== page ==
Q & A With Simpsons Exec Producer Matt Selman: The Food Wife, Food Blogging + Dining at Jitlada With Matt Groening
Courtesy of 20th Century Fox
Just a few weeks ago Fox Studios and the voice actors and producers of Simpsons were engaged in a financial tug-of-war that threatened the existence of the long-running animated series. If you need to remind yourself why we should celebrate the resolution (two more years!), watch The Food Wife this Sunday at 8:00 p.m. on Fox.
Early in the episode, Marge, Bart and Lisa start a food blog called The Three Mouthketeers, an act then followed by a culinary reference tornado that is so unrelenting that to catch them all requires DVR slow-mo or, barring that, multiple viewings. If neither are possible, pay very close attention when Marge, Lisa and Bart's blog profiles are revealed -- (on Bart's list of grossest foods eaten? "Blood Cheese") -- and for fleeting cameos by every food world celebrity from Paul Prud'homme to The Muppets' Swedish chef as well as a pointed reference to our own Jonathan Gold's Essential 99 L.A. restaurants.
If you want to sing along with the foodie rap belted out by Amuse Bruce and Fois Garth (Tim Heidecker and Eric Wareheim of Tim and Eric's Awesome Show, Great Job), it is printed in its entirety on Grub Street. If you'd like to read our conversation with the writer of The Food Wife, Simpsons executive producer and food blog scourer Matt Selman, turn the page.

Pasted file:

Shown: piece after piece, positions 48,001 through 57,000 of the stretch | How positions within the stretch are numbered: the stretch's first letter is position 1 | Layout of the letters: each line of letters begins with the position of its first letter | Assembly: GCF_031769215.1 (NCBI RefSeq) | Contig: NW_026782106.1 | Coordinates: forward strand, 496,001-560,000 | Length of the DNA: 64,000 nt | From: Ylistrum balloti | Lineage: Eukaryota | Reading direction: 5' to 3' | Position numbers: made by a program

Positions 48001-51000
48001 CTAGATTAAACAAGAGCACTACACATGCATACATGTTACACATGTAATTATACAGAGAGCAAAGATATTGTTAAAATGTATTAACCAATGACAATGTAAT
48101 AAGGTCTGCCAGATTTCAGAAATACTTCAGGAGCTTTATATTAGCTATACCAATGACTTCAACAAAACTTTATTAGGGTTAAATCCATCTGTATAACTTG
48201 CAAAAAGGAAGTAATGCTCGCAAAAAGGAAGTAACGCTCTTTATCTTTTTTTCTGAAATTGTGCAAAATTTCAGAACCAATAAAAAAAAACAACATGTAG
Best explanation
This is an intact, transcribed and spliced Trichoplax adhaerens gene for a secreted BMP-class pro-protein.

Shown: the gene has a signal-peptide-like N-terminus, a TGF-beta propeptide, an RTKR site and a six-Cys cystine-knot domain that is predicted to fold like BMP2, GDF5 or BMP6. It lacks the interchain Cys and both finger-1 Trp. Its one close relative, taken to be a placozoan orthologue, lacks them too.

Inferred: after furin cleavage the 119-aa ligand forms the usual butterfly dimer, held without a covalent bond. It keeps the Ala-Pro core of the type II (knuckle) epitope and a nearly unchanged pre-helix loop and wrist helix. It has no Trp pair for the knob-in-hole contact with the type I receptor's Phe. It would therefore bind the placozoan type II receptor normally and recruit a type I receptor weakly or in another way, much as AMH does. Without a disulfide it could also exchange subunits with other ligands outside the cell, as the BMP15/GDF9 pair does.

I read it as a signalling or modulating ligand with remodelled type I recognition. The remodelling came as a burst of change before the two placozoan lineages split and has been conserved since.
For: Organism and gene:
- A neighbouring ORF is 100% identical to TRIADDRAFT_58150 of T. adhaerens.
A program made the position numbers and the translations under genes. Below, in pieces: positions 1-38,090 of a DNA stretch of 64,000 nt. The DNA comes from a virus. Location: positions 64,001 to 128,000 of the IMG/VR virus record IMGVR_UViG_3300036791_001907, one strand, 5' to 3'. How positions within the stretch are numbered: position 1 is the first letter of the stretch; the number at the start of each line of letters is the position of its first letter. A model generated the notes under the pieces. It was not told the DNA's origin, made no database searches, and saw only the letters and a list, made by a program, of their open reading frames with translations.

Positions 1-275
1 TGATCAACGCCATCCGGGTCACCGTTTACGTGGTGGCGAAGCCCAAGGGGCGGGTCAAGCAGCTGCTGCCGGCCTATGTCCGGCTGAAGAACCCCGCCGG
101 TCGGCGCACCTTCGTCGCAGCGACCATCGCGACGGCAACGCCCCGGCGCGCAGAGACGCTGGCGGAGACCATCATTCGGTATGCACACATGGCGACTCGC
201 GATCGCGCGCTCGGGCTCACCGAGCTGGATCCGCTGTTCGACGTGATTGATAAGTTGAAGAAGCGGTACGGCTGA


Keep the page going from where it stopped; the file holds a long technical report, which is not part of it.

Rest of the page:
Squid Ink: Food blogs take many forms - the eating diary blog, the recipe blog, the restaurant gossip blog, the "I'm-in-it-for-the-free-food" blog... What category does The Three Mouthketeers fall into?
Matt Selman: The kind where people take pictures of everything and write non-professional reviews. But the show isn't really about the content of the blog. It's more about how Marge uses it as a way to bond with the kids emotionally. It's more like a new activity for them to share and how Homer is excluded. For Homer, blogging about food is pointless because you've already eaten it and you're full.
SI: What do Marge, Bart and Lisa find appealing about exotic food?
MS: Bart likes it because it's weird, has squid tentacles and is super spicy. Lisa likes it because it's global and interesting and multicultural. Marge likes it because it's fancy and a bit interesting. Marge has a little bit of social insecurity and it makes her feel like she's smart. Homer, the most famous glutton in the universe, is actually the one against it.
SI: Is that how you pitched the episode? Did you say, "Marge, Bart and Lisa start a food blog. Homer thinks it is dumb."?